22, SEPTEMBER 2007 Yeeeeah, there’s that cynicism that I mentioned. It’s the part of me that stands outside of experience— any experience— coolly observes throughout, and then proceeds to examine it to death, mostly, I suppose, to stop me over-emoting in any given situation. Which is, in turn, ridiculous because I come at everything, every single thing, feelings first. Cosmic joke’s on me, then, or has been, until the horses started chipping away my resistance, challenging my instinctive need [safer, this way] to call it all bullshit.
Is it bullshit? All that stuff I read about in the books, all that being-in-tune stuff, all that spiritual business about horses and how they change a person, how they let us in to their thinking, into their minds, how they’re talking to us all the time? And then there’s the other school of thought, those that sneer at anthropomorphism, the ones that don’t spare the rod to spoil the foal, the ones that insist that the human has to dominate the animal.
What happens in the middle? Probably what happened with Tango and I this weekend.
The barn is gloriously chaotic, all of us having been told what horses to take, all of us fetching them out at once. I was given Rebel, who I’d only just found out was 6 years old— a baby! No wonder! I knew it!— and was complimenting him again on his performance on Tuesday, and leading him out of his stable, when one of my lesson mates came up and said, ‘Shirley said to take Tango, I’m to have Rebel instead.’ I hand her the reins— I couldn’t help feeling a little bit grim.
Tango. Big chestnut, 17hh, young, too, but not goofy with it, like Rebel is. I’ve had him only three times before, and only the first time marginally successfully. The second time he wouldn’t settle into a private lesson and Ruth sent him back up. Third time, well, read all about in the upcoming Catalogue of Falls. I had been somewhat obsessed with him at one stage, wanting so badly to figure him out, help him, give him the attention he needed in order to get him to really live up to his potential— until I was struck by the reek of codependence about the whole thing [reminding me too much of my not-successful marriage]— and decided to back off. I didn’t ask for him— I hadn’t gotten him until now.
Tango is bridleless. Shit. I grab the one hanging outside his stable, check it for backwardness, open the stable door. He takes a step out, scavenging for hay. I get it on him in one try. Hey. The big guy let me bridle him in one. I lead him out, he keeps foraging, it’s a crazy scene, all these stable doors opening, all these horses negotiating the aisle. I tell Tango that I was better than I was, the last time I had him, stronger leg, so maybe he could leave off winding me up— no napping, please!— and we could, maybe, have a good time…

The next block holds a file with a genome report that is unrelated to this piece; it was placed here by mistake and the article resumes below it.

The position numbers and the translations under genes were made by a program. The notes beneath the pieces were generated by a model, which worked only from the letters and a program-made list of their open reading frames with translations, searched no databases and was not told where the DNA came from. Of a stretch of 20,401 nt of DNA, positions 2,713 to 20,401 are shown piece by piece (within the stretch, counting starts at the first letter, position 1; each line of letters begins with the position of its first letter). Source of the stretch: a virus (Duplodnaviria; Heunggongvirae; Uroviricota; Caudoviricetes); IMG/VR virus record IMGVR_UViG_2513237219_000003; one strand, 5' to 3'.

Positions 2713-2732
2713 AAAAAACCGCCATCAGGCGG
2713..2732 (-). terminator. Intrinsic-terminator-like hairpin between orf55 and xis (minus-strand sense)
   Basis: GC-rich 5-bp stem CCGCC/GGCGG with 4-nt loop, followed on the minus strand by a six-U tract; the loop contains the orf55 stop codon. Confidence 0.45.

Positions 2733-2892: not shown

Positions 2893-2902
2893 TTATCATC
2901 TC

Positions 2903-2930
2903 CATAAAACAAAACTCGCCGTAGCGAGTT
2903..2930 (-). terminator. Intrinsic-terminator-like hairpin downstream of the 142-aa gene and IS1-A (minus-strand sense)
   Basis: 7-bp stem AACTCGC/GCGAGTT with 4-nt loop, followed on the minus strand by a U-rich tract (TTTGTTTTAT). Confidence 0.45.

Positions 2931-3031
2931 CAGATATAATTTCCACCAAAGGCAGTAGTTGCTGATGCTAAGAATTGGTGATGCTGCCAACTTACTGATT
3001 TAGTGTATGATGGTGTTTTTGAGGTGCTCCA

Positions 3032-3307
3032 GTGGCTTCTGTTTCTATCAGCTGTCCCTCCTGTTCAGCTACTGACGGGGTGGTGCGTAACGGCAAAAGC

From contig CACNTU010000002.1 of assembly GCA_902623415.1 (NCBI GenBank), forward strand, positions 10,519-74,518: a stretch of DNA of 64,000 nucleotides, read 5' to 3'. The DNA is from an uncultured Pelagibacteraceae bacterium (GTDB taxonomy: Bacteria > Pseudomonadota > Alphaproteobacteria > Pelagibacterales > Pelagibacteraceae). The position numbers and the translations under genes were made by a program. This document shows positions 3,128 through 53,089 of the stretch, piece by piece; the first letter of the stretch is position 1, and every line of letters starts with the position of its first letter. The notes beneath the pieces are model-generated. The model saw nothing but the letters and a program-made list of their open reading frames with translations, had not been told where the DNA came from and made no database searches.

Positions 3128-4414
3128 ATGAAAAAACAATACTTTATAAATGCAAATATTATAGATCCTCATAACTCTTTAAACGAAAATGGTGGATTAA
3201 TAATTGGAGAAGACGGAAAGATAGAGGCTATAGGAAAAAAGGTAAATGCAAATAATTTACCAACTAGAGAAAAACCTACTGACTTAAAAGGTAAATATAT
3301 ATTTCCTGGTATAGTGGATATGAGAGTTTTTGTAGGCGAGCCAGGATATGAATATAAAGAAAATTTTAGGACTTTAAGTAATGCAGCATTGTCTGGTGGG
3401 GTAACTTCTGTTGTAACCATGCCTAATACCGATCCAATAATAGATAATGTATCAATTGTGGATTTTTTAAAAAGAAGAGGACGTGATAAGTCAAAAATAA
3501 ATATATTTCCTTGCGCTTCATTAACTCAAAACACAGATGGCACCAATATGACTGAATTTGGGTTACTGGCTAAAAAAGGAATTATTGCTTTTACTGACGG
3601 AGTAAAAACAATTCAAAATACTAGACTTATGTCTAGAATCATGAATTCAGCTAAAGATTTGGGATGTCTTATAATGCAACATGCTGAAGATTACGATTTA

Nope. Fiona calls out the order of the ride, and puts us last. Because he kicks, you see. Bugger. Totally understandable, and I thought he was as miffed as I, until we started going— or rather, it was time to start going, and Tango wouldn’t go.
I try to let him know… what? That it was okay? What was okay? We were indoors, okay; the lesson was large so it wouldn’t be much work for him, okay; that I wanted to work with him and have a good time—okay? Nuh-uh. He spooked at the patches of sunlight coming through the skylight, every single time round, and despite keeping my leg on, we never got going, having to cut corners to keep up, and in general struggling altogether.
He hates it, you see. In a flash of communication we did have, over and above everything else he was telling me with his physical behaviour, he let me know how much he hates being in the school. He hates it, it’s boring, all the other horses are stupid, why can’t he just run and jump outside?
If I was in a book, I maybe could have slowed down at the sun spots and let him figure them out for himself. I might have been able to help him over his fright or annoyance or whatever it was that made him stop dead at every square of light. If I was in a book, I’d have had time to… I don’t know what: not rush? Instead, I was in a lesson, at the back of the ride, engaged in a power struggle with a dude who must weigh at least 1,600 pounds and could toss me like a salad.
This is the most frustrating thing. Obviously patience reaps rewards, but who has time for it, in the middle of a lesson, five others mounted and trying to go? It only occurs to me, after, that Tango only needed the opportunity to make a judgment for himself about whether or not that sunshine was dangerous or not. Not until afterwards, not until well after a session of kicking and chastising him [‘Hey, big guy! You’ve got ‘go’ in your name! Go!’]… and my pride taking a knock. And the thing is, I bear him no resentment or ill will. I worry for him: he’s got so much potential, so much talent [he jumps like a champ, so strong and high] and he gets chucked into the school, and then sent back when he behaves really badly, reinforcing some seriously bad manners. Who will take him in hand? I don’t know, but it can’t be me, not yet. Others ride him, I think, with a minimum of fuss— I’ll have to watch sometime, and hopefully learn.